SThree CIO Lance Fisher says innovation and finding new services for the company’s core business is one of the three pillars of his strategy and the one which can help to show the value a CIO can bring to a specialist staffing agency.
A perennial CIO 100 member and the CIO at London Stock Exchange and FTSE-listed SThree since end of 2010, Fisher has previously spoken to this title about applying the disruptive lessons of online markets and social networks to recruitment – and he recently discussed taking the firm in new disruptive directions and support from CEO Gary Elden regarding this agenda.
“People have been predicting the end of the recruitment consultant for thirty years. Although that has not happened so far, we are constantly looking at what’s out there that can disintermediate us,” Fisher said.
“We want to understand what customers want so that we are investing in new ideas and technology to complement what we do. The best way to avoid disruption is to continue to provide the best and most relevant products and services.”
Fisher acknowledged getting rid of the consultant altogether was at the extreme radical end, but with SThree recognised as somewhat of a leader in its field in the data and analytics space of matching jobs with candidates, a machine learning engine was an obvious tool to match skills requirements with the desires and professional aspirations of those on its database.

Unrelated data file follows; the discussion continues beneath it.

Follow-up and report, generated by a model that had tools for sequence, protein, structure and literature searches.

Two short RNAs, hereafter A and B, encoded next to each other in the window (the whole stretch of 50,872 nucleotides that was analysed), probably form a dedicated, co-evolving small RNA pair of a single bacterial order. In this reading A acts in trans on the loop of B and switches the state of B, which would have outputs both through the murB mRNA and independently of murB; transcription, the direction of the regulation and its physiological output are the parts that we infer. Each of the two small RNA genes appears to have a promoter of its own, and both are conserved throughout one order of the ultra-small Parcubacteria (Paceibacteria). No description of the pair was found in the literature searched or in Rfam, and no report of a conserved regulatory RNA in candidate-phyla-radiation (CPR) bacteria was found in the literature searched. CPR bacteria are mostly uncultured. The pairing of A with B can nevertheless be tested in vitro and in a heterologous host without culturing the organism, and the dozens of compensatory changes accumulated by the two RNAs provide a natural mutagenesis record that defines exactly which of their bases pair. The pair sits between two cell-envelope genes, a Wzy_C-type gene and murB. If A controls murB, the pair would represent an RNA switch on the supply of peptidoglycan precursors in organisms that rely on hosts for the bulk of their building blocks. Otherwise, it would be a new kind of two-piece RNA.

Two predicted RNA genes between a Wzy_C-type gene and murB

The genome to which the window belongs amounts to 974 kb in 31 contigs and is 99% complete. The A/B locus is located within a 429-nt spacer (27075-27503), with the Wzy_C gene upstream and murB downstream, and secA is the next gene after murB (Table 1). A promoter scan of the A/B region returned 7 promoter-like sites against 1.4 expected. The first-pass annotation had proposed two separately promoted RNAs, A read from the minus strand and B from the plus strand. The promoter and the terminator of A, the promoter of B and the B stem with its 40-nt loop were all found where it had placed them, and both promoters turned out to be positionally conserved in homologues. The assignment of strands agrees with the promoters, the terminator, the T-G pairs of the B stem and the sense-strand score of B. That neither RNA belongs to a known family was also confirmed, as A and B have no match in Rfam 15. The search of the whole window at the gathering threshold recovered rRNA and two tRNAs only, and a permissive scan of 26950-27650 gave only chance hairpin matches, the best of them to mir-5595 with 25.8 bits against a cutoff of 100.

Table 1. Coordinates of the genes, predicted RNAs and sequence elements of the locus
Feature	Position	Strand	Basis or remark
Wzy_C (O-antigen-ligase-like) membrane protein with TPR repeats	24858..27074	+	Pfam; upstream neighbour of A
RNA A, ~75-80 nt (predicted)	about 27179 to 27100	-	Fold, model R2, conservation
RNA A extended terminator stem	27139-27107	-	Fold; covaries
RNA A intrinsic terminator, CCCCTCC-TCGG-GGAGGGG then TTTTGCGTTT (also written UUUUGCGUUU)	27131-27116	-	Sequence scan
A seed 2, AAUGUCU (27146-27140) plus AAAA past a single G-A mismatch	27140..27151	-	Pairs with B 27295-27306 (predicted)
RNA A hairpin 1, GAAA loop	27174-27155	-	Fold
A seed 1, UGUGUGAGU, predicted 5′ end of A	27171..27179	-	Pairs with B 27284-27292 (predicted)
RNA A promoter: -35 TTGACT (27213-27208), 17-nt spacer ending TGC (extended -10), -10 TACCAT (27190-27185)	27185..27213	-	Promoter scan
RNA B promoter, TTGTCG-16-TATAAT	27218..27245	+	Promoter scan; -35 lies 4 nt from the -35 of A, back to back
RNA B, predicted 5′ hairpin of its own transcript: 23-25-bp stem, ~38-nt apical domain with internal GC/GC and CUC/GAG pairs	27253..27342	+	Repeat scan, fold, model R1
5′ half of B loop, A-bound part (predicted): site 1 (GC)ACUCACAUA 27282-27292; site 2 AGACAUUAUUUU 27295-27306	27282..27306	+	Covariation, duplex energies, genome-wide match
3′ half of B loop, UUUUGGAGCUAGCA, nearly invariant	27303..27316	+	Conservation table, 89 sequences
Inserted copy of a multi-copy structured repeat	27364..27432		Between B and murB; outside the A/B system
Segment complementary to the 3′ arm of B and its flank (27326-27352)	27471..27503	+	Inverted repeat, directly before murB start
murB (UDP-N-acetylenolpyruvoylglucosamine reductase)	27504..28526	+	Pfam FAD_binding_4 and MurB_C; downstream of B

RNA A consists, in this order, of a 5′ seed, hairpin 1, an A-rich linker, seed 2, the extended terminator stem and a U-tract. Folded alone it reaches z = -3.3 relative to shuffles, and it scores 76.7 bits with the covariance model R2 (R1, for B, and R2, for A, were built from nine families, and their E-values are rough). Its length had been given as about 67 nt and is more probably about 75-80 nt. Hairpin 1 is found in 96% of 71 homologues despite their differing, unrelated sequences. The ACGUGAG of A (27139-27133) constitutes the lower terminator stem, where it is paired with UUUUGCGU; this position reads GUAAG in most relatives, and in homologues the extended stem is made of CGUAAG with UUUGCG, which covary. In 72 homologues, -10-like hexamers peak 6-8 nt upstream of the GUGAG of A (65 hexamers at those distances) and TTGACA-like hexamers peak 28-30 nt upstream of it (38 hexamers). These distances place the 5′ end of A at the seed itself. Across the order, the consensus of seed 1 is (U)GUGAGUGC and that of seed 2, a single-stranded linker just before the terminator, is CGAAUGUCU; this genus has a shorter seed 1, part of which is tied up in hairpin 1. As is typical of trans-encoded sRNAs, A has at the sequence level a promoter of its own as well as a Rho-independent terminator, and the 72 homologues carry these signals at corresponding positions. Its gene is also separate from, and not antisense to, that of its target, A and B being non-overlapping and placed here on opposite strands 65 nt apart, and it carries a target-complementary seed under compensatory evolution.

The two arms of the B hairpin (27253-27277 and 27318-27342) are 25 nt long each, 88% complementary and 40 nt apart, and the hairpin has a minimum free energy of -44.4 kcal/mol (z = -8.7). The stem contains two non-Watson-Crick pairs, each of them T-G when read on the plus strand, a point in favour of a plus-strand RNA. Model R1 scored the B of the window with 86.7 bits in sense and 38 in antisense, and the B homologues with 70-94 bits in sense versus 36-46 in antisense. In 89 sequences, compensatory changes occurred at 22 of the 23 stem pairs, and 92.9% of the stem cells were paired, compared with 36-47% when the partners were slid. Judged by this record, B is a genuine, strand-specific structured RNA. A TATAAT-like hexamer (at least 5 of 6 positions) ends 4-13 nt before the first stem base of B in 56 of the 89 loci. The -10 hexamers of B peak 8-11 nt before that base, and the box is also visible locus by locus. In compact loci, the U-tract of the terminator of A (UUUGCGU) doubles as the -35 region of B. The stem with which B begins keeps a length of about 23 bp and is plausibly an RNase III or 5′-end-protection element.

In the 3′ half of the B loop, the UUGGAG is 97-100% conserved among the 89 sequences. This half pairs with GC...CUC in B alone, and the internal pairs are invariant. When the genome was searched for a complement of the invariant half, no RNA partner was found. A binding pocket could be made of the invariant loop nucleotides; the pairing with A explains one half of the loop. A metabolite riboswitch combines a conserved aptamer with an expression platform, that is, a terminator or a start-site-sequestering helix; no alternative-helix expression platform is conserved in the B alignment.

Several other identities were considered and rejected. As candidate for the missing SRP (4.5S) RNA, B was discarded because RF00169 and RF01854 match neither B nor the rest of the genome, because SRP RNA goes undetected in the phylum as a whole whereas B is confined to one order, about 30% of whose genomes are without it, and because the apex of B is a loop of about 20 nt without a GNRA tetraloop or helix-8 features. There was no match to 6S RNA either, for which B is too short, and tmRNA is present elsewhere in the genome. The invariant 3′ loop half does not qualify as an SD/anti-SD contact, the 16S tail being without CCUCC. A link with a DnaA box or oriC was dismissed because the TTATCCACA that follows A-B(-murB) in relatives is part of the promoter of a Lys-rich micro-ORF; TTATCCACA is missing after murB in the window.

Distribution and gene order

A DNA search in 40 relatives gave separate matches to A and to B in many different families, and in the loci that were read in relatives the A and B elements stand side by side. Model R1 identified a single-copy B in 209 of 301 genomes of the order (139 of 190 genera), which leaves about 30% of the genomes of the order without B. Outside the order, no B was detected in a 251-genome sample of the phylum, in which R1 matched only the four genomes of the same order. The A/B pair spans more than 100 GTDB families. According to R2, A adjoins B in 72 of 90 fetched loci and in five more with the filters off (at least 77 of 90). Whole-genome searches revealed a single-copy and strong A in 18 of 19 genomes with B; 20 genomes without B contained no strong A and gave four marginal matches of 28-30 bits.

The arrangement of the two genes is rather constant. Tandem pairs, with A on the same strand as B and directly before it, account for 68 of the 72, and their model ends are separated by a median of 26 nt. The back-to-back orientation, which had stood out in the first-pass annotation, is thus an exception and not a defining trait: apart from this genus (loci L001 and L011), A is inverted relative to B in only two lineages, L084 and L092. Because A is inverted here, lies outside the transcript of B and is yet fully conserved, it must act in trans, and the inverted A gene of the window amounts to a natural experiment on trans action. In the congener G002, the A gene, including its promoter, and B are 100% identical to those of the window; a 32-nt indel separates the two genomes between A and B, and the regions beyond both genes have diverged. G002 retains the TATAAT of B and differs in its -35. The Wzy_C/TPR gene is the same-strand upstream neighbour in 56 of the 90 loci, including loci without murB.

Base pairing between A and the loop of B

“You’ve got to bet on some horses,” he said. “We’ve got our traditional model which you can see has to change and become more efficient, and then you’ve got new business models coming and which ones of those do you bet on?
“Our job is constantly looking to see what’s out there, see what’s coming through.”
Fisher said that CEO Elden, whom the CIO reports to, continues to challenge everyone in SThree to look towards the future.
While different disruptive ideas around becoming a platform business and provider to others in the industry are mooted, Fisher believes it will be in the test and learn phase where SThree achieves success.
“The interesting thing is to think about iterations of our current model and to see how relevant they would be compared with what we do today,” Fisher said.
“There are different ways for us to serve our clients and we want to test and explore more of them so we can make smart choices for the future.”